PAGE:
By Mary Wiltenburg | Correspondent of The Christian Science Monitor
from the August 13, 2007 edition
WÜRZBURG, GERMANY - No one looked comfortable at the sentencing hearing. Not family and friends who packed the US military courtroom's straight-backed benches. Not the rookie Army prosecutor in stiff dress greens who flushed with every "Your Honor." Not Judge R. Peter Masterton, whose usually animated face was now grave.
And not the convicted deserter – Army medic Agustín Aguayo – on the stand in a US military court in central Germany last March, pleading for understanding.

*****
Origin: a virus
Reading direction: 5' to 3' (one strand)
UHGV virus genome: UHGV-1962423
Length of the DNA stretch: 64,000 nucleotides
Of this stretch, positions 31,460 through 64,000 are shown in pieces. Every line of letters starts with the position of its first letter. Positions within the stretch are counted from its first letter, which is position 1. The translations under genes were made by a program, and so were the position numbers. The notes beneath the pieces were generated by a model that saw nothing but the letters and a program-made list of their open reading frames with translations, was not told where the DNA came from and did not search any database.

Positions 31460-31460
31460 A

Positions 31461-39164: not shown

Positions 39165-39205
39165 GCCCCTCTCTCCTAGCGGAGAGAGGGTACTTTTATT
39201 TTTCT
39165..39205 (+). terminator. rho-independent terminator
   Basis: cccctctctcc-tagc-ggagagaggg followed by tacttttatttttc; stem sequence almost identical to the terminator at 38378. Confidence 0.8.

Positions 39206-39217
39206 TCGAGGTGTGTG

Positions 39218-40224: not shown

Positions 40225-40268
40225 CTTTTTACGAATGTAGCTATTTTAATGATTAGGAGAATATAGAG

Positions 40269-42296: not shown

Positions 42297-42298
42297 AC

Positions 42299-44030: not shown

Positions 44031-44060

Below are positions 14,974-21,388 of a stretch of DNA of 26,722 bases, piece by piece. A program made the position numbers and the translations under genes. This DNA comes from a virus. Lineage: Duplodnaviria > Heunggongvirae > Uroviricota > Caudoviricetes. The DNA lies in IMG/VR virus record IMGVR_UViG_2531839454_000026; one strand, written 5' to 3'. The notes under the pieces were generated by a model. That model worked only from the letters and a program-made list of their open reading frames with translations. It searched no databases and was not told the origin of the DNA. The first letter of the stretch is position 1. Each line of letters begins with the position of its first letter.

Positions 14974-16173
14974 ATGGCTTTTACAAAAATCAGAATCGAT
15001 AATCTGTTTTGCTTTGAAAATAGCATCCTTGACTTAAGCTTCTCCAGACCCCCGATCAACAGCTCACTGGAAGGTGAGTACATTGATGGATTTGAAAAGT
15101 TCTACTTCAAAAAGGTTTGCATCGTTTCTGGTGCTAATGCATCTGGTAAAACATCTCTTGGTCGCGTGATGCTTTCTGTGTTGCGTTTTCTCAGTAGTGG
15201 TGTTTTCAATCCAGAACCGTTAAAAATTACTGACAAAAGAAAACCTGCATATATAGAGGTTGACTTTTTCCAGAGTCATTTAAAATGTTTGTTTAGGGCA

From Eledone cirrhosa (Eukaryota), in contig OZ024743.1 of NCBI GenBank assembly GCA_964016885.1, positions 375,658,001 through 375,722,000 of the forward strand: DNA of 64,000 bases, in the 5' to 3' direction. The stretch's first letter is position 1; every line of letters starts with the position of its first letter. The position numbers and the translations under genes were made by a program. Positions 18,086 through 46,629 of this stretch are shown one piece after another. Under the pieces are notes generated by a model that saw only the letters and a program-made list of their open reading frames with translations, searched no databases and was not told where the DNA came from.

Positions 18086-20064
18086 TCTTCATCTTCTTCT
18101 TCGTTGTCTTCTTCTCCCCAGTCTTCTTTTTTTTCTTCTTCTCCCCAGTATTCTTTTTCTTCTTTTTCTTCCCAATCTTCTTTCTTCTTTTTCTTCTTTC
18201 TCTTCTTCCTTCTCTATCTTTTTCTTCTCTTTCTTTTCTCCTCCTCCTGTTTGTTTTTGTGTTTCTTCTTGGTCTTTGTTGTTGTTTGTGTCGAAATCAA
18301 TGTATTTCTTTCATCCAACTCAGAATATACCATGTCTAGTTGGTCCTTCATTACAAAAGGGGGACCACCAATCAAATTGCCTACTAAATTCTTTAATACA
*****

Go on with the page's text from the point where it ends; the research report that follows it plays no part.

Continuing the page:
"I'm sorry for the trouble my conscience has caused my unit," Private 1st Class Aguayo said, his voice thick with emotion. "I tried to obey the rules, but in the end [the problem] was at the very core of my being."
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